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New Exhibit Takes Chappaqua Residents Back in TIme

CHAPPAQUA, N.Y. - The New Castle Historical Society is taking Chappaqua residents back to a land before nail salons and when gas was only $0.19 per gallon.

“A Stroll Down Town: Then and Now,” the historical society’s latest exhibit went live on Feb. 14. Building on its previous display, “A Walk Down King Street,” the exhibit offers residents an opportunity to see what their hometown was like at the turn of the 20th century.

“Basically what we did was to take that exhibit, and upgrade it and expand it,” said History Society President Al Hutin. He created the display with his wife, who painted and drew renderings of buildings when the historical society did not have pictures available.

The 81-year-old lifelong Chappaqua resident drew off much of his own knowledge and experiences when assembling the exhibit. Hutin is a fifth-generation resident of the hamlet, with his mother, grandmother, great-grandmother, and great-great-grandmother lived in Chappaqua before him.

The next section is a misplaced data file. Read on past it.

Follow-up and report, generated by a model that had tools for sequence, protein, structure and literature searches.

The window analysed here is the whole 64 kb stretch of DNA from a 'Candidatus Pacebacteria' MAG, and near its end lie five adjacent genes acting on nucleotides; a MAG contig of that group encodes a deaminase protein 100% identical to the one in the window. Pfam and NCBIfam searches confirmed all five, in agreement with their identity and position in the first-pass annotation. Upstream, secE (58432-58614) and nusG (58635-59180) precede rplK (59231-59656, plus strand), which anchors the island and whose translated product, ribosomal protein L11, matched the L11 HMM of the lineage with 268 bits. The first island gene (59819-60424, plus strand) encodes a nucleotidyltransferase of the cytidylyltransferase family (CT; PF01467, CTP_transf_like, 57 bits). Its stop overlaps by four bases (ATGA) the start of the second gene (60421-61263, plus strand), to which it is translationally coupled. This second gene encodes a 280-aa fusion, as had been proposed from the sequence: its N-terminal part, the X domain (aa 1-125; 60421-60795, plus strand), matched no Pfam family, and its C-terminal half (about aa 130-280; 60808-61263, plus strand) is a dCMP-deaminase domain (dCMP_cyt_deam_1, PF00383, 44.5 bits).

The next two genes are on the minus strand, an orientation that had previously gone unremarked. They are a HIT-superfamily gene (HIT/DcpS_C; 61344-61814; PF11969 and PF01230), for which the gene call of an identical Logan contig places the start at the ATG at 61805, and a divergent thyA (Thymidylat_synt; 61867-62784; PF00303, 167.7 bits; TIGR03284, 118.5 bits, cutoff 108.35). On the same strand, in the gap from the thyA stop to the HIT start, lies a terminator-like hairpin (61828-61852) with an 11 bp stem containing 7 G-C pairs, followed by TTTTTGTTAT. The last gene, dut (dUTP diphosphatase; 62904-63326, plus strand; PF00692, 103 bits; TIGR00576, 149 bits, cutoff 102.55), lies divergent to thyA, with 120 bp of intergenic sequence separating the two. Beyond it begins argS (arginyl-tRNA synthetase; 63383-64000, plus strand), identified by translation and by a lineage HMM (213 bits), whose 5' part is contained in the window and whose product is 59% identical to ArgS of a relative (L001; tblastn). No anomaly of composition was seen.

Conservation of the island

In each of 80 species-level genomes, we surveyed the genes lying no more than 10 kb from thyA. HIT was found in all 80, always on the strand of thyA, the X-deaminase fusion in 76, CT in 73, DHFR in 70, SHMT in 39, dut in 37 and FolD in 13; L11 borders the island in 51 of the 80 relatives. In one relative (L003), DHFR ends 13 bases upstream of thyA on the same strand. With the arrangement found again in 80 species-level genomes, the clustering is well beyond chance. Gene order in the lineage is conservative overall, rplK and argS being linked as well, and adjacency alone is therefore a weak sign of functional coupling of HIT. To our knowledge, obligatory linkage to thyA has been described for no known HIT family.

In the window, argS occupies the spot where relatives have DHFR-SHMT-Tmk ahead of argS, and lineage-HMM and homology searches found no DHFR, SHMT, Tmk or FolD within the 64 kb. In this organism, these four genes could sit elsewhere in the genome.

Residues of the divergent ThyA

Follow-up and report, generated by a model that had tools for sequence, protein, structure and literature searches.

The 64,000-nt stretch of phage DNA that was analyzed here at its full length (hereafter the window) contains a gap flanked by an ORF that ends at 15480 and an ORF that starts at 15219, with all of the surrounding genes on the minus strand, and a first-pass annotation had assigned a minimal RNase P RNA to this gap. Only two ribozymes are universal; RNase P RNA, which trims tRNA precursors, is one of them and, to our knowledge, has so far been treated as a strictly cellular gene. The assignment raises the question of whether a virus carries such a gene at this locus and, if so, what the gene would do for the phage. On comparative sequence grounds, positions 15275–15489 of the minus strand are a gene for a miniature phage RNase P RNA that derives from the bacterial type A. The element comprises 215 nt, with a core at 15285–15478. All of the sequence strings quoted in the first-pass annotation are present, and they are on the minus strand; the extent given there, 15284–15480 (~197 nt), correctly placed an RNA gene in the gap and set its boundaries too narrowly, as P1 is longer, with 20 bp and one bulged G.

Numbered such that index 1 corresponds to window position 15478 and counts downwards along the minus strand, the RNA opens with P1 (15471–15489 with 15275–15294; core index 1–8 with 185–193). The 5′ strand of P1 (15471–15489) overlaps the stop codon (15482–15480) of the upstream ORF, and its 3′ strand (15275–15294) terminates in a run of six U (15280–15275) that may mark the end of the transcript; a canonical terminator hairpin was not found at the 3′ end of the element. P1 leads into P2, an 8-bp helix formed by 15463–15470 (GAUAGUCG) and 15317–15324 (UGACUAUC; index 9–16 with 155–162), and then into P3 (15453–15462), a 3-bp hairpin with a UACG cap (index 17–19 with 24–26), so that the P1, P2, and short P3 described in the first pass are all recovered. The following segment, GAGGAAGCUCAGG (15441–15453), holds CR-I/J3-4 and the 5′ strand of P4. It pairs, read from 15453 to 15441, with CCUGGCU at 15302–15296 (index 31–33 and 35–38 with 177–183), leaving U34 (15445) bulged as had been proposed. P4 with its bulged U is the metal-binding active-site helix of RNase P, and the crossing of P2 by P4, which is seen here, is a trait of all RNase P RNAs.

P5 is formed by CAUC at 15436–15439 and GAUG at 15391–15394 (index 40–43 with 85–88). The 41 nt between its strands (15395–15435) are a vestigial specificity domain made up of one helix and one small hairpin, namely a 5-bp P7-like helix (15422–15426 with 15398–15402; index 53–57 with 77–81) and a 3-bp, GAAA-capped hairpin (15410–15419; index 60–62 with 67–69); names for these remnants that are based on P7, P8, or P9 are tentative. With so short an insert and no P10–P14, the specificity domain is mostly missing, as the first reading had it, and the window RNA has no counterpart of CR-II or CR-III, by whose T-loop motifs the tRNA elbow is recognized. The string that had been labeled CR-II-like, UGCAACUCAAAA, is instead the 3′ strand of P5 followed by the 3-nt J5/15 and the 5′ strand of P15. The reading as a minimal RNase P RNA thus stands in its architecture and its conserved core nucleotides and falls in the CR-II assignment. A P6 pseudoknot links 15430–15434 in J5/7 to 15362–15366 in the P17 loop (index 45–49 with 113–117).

“I went to school next door to the A&P,” said Hutin, recounting his experience in Chappaqua. “I remember going over there after school, and if I had a couple cents I’d go over there and buy penny candy.”

Before-and-after pictures lined the walls of the Horace Greeley House, showing the change in business services and how small groceries and general stores became super markets and specialty shops.

“Some of them moved, but some of them are right where they always were,” said Hutin.

Notable differences between Chappaqua then and now include King Street business extending on the far side of the railroad tracks, and a Chappaqua hotel that existed on King Street that was often frequented by Horace Greeley himself.

Some of the exhibit may feel like déjà vu for residents who experienced the recently-completed Route 120 bridge construction. The exhibit shows photos of the 1930 bridge dedication when it was originally built.

The exhibit will remain open to the public every Tuesday, Wednesday, Thursday and Saturday from 1 p.m. to 4 p.m. at the Horace Greeley House on 100 King St.

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